Centre for Crisis Psychology
Social needs

Being young during the coronavirus lockdown

The social needs of people are almost in line with the needs of food and drink. We are totally dependent on human contact. Young people maybe more than others.

Two youths sitting on a beach

Main content

All people are social beings and, in our contact, we are usually very physical, with some cultural variations. We greet each other, touch, and hold each other and hug and kiss. Our social needs are partially met through physical contact and we often want proximity and not distance. Now, the two-meter rule applies and preferably no physical contact beyond one's own family. Although the lockdown of society is gradually abolished, still limited contact is desirable. Many continue to be afraid of infection.

Establishing social competence

In children’s development towards adulthood where they will interact with a partner, with their family, with friends and work colleagues, the youth period constitutes a very important period for the establishment of social competence. From the age of 10, children are increasingly orienting themselves towards friends. This is part of their autonomy process where they gradually detach themselves from parents. They seek towards friends; they hang out together in groups and are confirmed by their peers. Their self-esteem and value are determined in their interaction with friends and peers. They are very sensitive to social signals and exclusion. Their development depends on the interaction with other young people. It is during this period that they develop much of the expertise they later need for interaction with a partner, their own family, friends, and in work and social life. Their independence from parents is facilitated through more time spent with friends, and less with parents.

In comes the coronavirus that not only slows down, but partly stops the physical contact with large parts of their networks. We do not know the effect this will have over time. This will of course depend on how severe and long the lockdown will last. We can only speculate how much this will impact young people over time.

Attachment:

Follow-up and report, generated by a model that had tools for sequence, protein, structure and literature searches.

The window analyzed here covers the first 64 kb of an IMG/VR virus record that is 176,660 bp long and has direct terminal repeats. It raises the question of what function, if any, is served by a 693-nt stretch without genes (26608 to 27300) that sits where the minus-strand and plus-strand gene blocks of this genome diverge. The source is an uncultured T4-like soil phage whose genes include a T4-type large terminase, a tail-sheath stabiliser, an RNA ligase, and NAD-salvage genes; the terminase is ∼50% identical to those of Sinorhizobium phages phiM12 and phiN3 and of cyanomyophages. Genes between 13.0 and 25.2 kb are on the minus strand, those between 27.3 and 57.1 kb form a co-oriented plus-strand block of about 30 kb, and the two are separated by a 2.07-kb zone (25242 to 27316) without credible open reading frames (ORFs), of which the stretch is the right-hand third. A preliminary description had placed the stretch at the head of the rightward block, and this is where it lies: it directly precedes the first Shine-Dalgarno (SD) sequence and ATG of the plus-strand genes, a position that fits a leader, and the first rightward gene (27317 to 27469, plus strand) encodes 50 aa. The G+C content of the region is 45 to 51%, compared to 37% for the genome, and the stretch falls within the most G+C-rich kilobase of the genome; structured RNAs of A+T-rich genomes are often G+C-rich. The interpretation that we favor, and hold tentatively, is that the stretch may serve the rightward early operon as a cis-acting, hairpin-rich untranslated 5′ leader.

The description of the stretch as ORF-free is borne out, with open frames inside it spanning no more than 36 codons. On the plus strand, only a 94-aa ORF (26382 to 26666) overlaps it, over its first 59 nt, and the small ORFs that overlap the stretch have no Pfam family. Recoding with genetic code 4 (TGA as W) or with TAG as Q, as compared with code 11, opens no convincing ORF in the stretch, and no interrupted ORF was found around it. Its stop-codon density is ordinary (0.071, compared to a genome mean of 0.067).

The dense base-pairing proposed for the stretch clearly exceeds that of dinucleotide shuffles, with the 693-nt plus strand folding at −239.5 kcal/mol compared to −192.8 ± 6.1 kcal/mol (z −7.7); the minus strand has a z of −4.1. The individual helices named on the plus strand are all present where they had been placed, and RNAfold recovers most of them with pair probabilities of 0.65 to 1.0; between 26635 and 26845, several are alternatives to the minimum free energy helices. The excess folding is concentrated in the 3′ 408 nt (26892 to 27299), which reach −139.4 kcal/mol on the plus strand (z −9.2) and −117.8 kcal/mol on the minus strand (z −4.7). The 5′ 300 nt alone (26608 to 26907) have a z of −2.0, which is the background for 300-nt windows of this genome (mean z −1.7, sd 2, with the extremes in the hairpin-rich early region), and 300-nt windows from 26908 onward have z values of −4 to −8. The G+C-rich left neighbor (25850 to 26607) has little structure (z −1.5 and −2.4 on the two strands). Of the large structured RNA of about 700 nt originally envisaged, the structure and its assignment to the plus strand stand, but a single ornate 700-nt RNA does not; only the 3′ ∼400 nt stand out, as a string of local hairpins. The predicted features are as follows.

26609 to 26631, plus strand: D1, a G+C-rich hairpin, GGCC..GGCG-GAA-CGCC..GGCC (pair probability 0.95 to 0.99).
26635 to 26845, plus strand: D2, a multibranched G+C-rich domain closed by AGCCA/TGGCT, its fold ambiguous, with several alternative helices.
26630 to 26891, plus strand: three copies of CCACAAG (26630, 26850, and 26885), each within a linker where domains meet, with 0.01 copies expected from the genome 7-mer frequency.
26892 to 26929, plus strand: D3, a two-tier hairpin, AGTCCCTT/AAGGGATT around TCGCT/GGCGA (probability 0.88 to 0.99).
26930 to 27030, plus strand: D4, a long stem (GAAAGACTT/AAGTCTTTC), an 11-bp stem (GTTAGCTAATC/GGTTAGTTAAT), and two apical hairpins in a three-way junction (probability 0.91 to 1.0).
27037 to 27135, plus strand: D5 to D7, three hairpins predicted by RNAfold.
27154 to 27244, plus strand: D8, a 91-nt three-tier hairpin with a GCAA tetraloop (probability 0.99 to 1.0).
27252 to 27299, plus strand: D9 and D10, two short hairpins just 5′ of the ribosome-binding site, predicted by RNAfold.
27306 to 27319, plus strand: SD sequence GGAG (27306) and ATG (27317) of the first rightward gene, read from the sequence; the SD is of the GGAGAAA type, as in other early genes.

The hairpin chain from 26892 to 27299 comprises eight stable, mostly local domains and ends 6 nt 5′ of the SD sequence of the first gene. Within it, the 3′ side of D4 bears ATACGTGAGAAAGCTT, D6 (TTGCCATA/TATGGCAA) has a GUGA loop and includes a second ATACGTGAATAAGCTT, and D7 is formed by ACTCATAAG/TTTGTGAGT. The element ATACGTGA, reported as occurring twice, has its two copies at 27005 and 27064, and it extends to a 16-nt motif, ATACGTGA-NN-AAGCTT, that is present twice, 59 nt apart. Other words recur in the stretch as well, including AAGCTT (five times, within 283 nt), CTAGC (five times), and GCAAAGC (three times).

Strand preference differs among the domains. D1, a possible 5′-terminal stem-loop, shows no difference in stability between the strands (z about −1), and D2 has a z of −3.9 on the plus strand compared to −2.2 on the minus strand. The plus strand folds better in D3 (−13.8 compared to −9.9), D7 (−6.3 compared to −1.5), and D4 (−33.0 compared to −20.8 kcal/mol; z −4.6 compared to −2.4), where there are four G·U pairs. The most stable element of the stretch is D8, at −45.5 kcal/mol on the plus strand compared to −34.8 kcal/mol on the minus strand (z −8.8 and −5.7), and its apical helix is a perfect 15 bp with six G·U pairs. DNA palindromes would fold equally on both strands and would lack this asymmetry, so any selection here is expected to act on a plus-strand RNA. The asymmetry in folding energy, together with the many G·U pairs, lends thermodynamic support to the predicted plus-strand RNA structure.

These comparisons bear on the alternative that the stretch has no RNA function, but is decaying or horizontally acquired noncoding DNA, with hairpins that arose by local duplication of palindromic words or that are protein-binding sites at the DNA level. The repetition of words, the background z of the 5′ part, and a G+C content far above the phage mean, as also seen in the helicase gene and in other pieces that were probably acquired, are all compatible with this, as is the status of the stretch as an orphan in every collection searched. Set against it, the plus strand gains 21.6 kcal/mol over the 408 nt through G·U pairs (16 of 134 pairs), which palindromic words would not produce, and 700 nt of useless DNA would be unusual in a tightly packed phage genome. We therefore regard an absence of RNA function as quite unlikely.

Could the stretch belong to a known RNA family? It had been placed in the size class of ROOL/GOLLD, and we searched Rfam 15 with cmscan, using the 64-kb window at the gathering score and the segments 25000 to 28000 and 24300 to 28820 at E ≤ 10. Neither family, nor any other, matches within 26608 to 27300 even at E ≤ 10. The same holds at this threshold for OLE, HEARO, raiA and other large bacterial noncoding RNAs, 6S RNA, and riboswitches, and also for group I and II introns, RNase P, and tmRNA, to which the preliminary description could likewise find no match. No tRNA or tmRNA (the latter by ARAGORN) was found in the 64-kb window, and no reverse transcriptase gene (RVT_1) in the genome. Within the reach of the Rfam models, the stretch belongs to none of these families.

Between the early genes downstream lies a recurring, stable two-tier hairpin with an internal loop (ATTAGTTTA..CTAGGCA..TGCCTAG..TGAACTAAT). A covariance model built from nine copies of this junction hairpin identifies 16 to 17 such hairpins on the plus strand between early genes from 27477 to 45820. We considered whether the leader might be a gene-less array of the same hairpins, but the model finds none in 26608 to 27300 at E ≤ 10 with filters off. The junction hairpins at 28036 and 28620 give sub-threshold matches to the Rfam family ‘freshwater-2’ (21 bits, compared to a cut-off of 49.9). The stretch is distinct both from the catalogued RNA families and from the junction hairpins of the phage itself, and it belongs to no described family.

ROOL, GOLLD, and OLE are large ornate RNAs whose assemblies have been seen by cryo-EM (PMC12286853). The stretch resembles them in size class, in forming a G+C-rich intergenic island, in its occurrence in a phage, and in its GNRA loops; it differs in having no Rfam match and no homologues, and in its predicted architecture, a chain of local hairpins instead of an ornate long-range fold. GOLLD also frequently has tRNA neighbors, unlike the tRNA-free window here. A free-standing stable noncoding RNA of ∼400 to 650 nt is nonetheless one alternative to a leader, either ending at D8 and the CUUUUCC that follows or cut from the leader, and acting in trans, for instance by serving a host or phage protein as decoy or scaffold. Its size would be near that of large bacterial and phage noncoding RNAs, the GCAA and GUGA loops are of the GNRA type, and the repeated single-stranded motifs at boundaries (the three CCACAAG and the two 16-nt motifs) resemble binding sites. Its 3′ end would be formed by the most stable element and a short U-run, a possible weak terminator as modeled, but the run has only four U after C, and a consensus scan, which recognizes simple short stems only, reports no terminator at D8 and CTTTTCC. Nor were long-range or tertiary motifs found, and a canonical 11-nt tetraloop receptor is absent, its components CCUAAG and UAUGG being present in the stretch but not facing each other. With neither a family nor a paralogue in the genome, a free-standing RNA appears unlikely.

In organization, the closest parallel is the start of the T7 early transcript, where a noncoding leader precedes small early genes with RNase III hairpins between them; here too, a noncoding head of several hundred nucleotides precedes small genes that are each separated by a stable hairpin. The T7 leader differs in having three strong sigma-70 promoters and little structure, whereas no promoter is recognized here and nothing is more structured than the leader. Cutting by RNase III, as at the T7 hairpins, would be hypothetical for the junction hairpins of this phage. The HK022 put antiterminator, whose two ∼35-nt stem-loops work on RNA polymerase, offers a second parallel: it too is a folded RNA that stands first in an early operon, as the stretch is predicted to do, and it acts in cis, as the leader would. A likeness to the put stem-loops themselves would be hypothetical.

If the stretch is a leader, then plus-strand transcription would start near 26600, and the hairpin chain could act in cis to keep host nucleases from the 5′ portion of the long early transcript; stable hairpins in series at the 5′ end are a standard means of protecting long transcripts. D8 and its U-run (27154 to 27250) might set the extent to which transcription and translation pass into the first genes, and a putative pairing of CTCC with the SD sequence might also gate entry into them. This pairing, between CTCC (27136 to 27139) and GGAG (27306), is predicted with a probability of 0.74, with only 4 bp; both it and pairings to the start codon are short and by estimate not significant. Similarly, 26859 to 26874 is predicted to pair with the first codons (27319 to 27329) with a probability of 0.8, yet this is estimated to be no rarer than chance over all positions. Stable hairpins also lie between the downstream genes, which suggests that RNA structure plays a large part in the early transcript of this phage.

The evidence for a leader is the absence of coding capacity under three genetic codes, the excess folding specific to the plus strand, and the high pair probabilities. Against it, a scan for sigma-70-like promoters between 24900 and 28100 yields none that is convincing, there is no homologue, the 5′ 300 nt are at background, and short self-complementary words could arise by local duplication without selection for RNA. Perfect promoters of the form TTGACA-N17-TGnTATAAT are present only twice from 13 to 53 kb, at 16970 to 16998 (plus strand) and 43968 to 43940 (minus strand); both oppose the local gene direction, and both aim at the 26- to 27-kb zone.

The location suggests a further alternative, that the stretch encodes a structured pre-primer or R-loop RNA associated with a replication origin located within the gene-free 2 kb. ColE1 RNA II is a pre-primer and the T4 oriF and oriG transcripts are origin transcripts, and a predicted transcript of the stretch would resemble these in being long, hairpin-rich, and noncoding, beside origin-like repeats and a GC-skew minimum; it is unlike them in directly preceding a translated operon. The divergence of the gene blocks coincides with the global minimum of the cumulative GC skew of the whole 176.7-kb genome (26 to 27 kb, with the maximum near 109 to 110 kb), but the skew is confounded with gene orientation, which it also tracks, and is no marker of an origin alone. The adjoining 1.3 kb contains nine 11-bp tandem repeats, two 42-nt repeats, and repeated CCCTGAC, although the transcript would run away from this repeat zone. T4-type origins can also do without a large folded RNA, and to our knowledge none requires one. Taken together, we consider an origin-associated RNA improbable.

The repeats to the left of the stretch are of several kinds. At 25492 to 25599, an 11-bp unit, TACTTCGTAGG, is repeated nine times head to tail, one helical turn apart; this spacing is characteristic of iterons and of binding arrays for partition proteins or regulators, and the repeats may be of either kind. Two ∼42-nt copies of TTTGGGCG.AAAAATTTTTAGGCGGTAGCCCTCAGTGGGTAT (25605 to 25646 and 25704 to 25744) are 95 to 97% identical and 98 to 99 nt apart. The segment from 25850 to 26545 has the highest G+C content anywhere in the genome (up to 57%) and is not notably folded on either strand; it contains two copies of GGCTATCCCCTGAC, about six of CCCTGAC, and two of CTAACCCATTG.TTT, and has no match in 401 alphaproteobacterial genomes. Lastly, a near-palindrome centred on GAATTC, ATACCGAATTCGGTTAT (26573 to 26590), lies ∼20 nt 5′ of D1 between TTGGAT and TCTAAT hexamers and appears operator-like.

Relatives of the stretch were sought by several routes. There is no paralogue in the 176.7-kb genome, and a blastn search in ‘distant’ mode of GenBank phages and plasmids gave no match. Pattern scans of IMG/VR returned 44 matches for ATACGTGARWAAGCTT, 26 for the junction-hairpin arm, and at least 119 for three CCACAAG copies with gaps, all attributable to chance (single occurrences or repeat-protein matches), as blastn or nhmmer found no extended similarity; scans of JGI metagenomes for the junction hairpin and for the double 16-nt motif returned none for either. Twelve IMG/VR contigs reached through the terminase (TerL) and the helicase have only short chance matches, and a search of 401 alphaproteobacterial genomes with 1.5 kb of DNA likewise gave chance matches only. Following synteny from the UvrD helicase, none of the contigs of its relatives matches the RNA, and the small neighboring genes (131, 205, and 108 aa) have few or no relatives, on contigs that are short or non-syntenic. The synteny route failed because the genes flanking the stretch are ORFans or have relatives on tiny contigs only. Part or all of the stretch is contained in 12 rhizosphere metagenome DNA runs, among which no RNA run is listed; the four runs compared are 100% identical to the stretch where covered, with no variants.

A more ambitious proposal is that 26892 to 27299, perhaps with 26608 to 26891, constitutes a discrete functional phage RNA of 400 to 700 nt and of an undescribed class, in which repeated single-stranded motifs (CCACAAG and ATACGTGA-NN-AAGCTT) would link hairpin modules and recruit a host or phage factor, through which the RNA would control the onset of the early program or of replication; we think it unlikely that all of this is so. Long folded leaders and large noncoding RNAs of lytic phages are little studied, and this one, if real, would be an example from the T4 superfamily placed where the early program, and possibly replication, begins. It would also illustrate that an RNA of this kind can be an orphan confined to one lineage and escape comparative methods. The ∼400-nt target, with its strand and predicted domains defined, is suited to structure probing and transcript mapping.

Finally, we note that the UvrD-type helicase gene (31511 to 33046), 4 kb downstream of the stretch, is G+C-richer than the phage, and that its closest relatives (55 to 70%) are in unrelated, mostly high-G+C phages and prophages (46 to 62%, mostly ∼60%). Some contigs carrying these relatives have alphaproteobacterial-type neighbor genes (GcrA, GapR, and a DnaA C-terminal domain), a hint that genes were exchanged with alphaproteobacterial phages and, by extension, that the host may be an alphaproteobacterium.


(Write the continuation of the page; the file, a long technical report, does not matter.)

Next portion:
Important to restore social arenas

Young people operate on many digital surfaces. Some like passive recipients where they take in news and scroll web pages to read about the pandemic, others active in contact with their friends and peers. We do not know how active online social networking can compensate for the physical proximity of the group of friends. However, based on research on young people's social development, there is reason to believe that physical contact cannot be fully compensated. The social signals that are present by physical presence and which help to understand and process what happens in a group are disseminated only to a small extent through video calls.

In many ways, it is even more important for young people to regain social arenas and be able to meet physically, than it is for kindergarten children to return to kindergarten or for the children in the first school grades to get started again. The youth group needs the opportunity to meet again because their social development and independence are dependent on this. Adolescence is considered to last up to 24 years! The coronavirus has meant that many young people have moved back to their parents' home because higher education, colleges and universities are closed or that teaching is only conducted digitally. Young people’s independence process has been blocked and they have, in a sense, moved back to start. 

Compliance with government regulations

The social needs of people are almost in line with the needs of food and drink. We are totally dependent on human contact. Young people maybe more than others. We are now entering a time of more heat, sun and holidays. Ending school usually means time and contact with the peer group. With lockdown or partial lockdown many do not know what to expect, they do not know what the near future will bring. There is reason to expect that we have to steel us for 'civil disobedience' unless restrictions on being together are relaxed. Young people reach a limit of isolation. They will seek out their peers and gather in groups to have fun. Many will not comply or live up to the authorities' wishes to primarily be with the family or meet in small groups outside with distance. Without easing up on the contact restrictions and letting schools open again for young people, many will act contrary to what the larger community wants. They will meet in hiding or openly break what is desired. If, for the sake of contagion, we want to continue with contact restrictions as now, we must identify the barriers to compliance that exist among the young. How can we work to sustain physical distancing over time as 'coronary fatigue' begins? These are issues that the health care system and our political leadership must address.